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Thread: How do I decide where to place roads on a world map?

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    Question How do I decide where to place roads on a world map?

    Are there any good tutorials concerning how and where roads should be placed on a world map? I can understand certain aspects will enough such as discerning trade lanes and travel speeds, but I'd like it if there were something more comprehensive to tell me what to look out for in a medieval-fantasy setting...

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    Community Leader Facebook Connected Ascension's Avatar
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    I don't think we have any posts covering the topic but I could be wrong. Some basic common sense is pretty much the best approach. Don't run em thru mtns when you can run em thru plains; avoid monster areas; avoid swamps or deserts unless there is appropriate technology or serious need; capitols will be connected for certain; wherever roads intersect there will likely be a lil town grow up around that; roads are mostly meant for merchants and armies so the road that is the fastest is not always the shortest; and never make straight lines
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    Haha, thanks! I did know most of those points, but it was a good refresher and you pointed out a couple things I didn't think of too. I just hope I don't break my file. It's already 3 MB. Adding a whole layer for roads... Haha, I'm lucky I have an i7. >_>

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    Professional Artist Facebook Connected Coyotemax's Avatar
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    3mb file and you are concerned about a separate layer for roads? what software are you using? (curious, your numbers seem low from what I'm used to)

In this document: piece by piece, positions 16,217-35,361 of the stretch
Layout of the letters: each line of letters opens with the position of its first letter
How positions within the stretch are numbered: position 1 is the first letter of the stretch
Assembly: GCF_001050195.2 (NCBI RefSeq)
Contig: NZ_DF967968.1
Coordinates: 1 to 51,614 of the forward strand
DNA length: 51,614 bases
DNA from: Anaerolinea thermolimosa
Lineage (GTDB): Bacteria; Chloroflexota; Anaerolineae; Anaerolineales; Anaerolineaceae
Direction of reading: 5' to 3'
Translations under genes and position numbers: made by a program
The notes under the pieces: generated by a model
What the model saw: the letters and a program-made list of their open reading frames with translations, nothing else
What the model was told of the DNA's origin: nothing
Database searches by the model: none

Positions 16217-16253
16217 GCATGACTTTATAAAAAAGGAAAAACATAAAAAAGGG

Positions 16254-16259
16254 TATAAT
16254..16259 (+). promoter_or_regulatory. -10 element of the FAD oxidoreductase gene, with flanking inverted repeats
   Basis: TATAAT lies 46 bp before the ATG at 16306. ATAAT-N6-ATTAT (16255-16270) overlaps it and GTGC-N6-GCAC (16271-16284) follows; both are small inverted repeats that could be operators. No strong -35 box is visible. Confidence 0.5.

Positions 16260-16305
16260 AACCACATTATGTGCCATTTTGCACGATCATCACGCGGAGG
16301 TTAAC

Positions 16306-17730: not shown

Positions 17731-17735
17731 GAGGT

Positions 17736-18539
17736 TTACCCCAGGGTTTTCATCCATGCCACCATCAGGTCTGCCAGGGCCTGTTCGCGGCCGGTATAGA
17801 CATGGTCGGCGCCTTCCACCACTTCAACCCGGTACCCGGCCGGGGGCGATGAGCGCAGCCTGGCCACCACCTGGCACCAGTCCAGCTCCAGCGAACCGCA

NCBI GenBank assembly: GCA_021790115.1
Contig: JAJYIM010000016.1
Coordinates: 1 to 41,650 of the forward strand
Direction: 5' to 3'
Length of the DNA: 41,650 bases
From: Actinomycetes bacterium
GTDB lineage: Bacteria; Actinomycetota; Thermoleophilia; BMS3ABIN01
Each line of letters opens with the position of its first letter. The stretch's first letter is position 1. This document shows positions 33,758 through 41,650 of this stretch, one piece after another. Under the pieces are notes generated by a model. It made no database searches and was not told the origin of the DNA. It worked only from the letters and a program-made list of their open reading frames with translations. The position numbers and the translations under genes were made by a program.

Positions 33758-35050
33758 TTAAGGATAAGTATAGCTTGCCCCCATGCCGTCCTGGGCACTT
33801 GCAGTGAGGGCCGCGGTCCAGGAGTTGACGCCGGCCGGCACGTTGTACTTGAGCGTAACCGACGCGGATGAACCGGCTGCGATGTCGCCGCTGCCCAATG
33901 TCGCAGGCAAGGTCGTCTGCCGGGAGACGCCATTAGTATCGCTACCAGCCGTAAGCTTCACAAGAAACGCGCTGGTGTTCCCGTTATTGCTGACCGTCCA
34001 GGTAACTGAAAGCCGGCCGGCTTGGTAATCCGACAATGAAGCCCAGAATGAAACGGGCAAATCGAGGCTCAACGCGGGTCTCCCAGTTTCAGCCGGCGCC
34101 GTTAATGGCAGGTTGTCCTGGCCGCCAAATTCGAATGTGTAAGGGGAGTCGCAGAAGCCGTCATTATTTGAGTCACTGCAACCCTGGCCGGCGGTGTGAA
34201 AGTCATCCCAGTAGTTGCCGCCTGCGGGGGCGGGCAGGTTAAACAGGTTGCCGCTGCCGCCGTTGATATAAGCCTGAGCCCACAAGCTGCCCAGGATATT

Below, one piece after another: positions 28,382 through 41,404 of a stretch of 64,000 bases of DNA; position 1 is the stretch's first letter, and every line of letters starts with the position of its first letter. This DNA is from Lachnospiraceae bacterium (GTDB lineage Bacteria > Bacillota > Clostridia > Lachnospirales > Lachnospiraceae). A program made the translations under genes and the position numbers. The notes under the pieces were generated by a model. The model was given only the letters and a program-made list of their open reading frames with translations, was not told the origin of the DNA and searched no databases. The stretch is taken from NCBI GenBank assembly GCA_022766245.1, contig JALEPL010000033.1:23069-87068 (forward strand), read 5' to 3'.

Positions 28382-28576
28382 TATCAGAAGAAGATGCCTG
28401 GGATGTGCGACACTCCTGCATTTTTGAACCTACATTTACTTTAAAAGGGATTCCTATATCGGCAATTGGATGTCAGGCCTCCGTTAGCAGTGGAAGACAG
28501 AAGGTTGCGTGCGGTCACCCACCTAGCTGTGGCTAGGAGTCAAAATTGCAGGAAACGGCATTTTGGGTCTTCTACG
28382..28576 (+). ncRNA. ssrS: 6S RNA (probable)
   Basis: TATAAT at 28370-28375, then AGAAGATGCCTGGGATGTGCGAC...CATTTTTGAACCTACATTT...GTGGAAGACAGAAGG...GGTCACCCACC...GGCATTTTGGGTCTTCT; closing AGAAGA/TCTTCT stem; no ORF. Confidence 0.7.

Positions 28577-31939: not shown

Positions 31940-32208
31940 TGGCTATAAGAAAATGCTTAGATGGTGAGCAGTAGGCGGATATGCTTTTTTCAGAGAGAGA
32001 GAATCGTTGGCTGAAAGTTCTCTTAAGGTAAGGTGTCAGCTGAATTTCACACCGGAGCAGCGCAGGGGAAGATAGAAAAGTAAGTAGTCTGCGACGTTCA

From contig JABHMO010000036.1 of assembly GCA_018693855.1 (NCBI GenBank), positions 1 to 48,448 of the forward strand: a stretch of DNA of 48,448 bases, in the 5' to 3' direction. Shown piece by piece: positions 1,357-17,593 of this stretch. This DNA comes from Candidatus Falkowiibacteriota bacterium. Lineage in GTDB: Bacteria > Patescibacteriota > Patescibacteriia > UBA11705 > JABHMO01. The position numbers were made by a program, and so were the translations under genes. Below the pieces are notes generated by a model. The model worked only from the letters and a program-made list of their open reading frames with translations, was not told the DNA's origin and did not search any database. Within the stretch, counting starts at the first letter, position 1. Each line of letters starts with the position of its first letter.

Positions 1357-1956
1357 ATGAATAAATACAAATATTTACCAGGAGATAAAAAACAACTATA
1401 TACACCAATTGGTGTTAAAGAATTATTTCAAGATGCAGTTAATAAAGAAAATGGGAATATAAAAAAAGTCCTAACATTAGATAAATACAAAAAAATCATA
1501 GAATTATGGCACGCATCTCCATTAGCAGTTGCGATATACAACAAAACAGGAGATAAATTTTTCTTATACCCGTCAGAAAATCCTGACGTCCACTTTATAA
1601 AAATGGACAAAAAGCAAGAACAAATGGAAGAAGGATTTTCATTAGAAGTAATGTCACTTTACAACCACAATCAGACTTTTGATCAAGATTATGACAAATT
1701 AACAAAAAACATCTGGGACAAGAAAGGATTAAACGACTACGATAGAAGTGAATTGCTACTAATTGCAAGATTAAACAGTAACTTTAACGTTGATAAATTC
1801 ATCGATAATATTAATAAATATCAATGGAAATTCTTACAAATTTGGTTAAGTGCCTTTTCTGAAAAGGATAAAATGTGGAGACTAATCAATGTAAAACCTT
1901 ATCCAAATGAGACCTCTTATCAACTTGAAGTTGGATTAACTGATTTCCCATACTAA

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    Gimp, haha... It might not be as big as I think. The only reason I'm worried is that on my old, low-end computer, I once built up a map on Gimp that was about 2.5 MB and it ended up getting corrupted. But that may've been less Gimp and more computer. THIS computer is pretty awesome, so it might not be a problem.

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    Professional Artist Facebook Connected Coyotemax's Avatar
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    Yeah, I know a lot of gimp users on here, and while they sometimes complain about slowdowns when running certain scripts (like fractalizing paths when they have dozens of rivers) I don't think i've heard anyone complain about slowdowns due to filesize.

    I'd say you should be pretty good to go - in fact, it might be worth it to try pushing the limits on a file just to see how far you can take it before you need to concern yourself, that way you can put less effort into worrying about files and more effort into the work itself

    I did that not too long ago, and it's a very subtle psychological difference, but for me it was noticeable
    (using photoshop here, but the underlying principles I'm talking about are the same for any software out there. know what happens when you get close to limits, and you tend to be more efficient and practical)

    That all aside, what Ascension said about roads is pretty much all I've ever learned.

    The only thing I can add is I like to think about it from a visualization perspective (will they actually look good on the map, and is it necessary information for the purposes of this map?), and keep in mind the economy of the realm they are in - can they afford roads? is it a small enough region that you want to show iffy dirt roads and such, or just stick to well maintained ones? Picture yourself as a merchant trying to use the roads, would you actually take the long way around the forest like the road does, or do you know that it's safe enough to take a shortcut? Why would people use the road if it doesn't take them somewhere worth going? all that stuff.

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    Well, I've personally had serious slow-down issues on GIMP due to file size. It's the main reason work on my map seems semi-abandonned (it's not, but continued work on it, in the sort-term, is infeasbile when I don't have much free time in the first place and running a noise filter can take ten minutes or more on my not-fast-enough machine). When I was doing smaller-size regional maps the speed wasn't an issue, but when I started working on a full-scale world map, it just became essentially impossible.